Connect with us


How to see COVID-19 cases on maps in Google Maps



How to see COVID-19 cases on maps in Google Maps

Google has announced that it will launch a new “COVID” layer on Google Maps that will show the average number of new COVID-19 cases per 100,000 people in seven days, so users can be better informed of the number of cases in your area, or destination.

In addition, the label will indicate whether the cases are going up or down, and the color codes will indicate the congestion of new cases somewhere.

< ins class="adsbygoogle" style="background:none;display:inline-block;max-width:800px;width:100%;height:200px;max-height:200px;" data-ad-client="ca-pub-7130643274838149" data-ad-slot="4774237423" data-ad-format="auto" data-full-width-responsive="true">

Google has announced its plans for the blog post.

The new “COVID” layer will be available for the Google Maps app later this week. Google says the data will be displayed at national level in all 220 countries and territories supported by Google Maps.

How to view COVID-19 cases on Google Maps

Here's how to display the “COVID” layer (as soon as a new Google update has arrived):

1. Open the Google Maps app.

2. Tap the layer button in the top right corner (which you use to choose which view you want: Satellite, Help …).

3. In the menu that opens, Google Maps will show you a sign to get information about COVID-19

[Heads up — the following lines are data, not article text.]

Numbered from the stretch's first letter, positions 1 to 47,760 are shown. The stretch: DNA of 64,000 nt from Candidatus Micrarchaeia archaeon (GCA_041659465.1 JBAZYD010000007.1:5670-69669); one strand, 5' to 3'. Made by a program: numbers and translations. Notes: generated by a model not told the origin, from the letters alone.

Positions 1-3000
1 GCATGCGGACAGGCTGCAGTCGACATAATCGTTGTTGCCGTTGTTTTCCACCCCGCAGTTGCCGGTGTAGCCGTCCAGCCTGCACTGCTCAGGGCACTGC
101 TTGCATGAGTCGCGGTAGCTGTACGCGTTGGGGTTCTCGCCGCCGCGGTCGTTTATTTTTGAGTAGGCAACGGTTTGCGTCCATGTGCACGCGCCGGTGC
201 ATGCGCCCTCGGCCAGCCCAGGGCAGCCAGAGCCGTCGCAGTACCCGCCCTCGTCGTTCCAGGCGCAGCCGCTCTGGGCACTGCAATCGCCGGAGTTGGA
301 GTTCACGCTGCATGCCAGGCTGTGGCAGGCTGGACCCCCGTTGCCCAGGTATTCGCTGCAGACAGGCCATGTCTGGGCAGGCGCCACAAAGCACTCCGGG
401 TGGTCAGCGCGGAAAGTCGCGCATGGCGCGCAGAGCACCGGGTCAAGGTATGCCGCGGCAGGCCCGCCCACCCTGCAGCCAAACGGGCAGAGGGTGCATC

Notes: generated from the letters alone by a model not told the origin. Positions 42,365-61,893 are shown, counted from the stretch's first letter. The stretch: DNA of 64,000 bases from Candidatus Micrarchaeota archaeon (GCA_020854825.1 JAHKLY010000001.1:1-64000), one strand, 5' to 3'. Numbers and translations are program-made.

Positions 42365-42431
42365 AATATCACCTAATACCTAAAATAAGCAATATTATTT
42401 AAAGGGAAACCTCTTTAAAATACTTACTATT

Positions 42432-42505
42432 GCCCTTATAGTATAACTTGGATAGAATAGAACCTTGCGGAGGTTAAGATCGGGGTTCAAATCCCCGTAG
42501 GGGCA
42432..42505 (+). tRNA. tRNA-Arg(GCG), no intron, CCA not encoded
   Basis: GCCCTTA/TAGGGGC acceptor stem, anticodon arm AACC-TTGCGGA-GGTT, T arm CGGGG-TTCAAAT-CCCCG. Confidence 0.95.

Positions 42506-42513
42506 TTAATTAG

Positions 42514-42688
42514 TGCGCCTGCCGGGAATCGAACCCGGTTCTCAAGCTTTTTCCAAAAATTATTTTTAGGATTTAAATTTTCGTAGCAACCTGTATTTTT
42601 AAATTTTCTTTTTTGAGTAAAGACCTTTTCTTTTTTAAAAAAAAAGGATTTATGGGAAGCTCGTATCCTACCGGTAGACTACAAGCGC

4. In the map view shown, you will see the average number of new cases of COVID-19 per 100,000 people and over seven days, a number called events.

5. The number of events will be displayed in a different tone, as shown below.

How many cases are there near you?

  • Gray: Less than 1,000 new cases per person
  • Yellow: 1-10 new cases
  • Orange: 10-20 new cases
  • Dark orange: 20-30 new cases
  • Red: 30-40 new cases
  • Dark Red: More than 40 new cases

According to Google, the “COVID” layers should be available in all countries and will be displayed at city level, if the data is accessible. Details of the infection come from, among others, Johns Hopkins University, New York Times and Wikipedia.

These layers are not yet available, but should reach worldwide via Android and iOS by the end of the week.

Gamer, passionate about video games, technologies, gadgets and everything related to the world of electronics.

Continue Reading
Click to comment
Notify of
Inline Feedbacks
View all comments


Would love your thoughts, please comment.x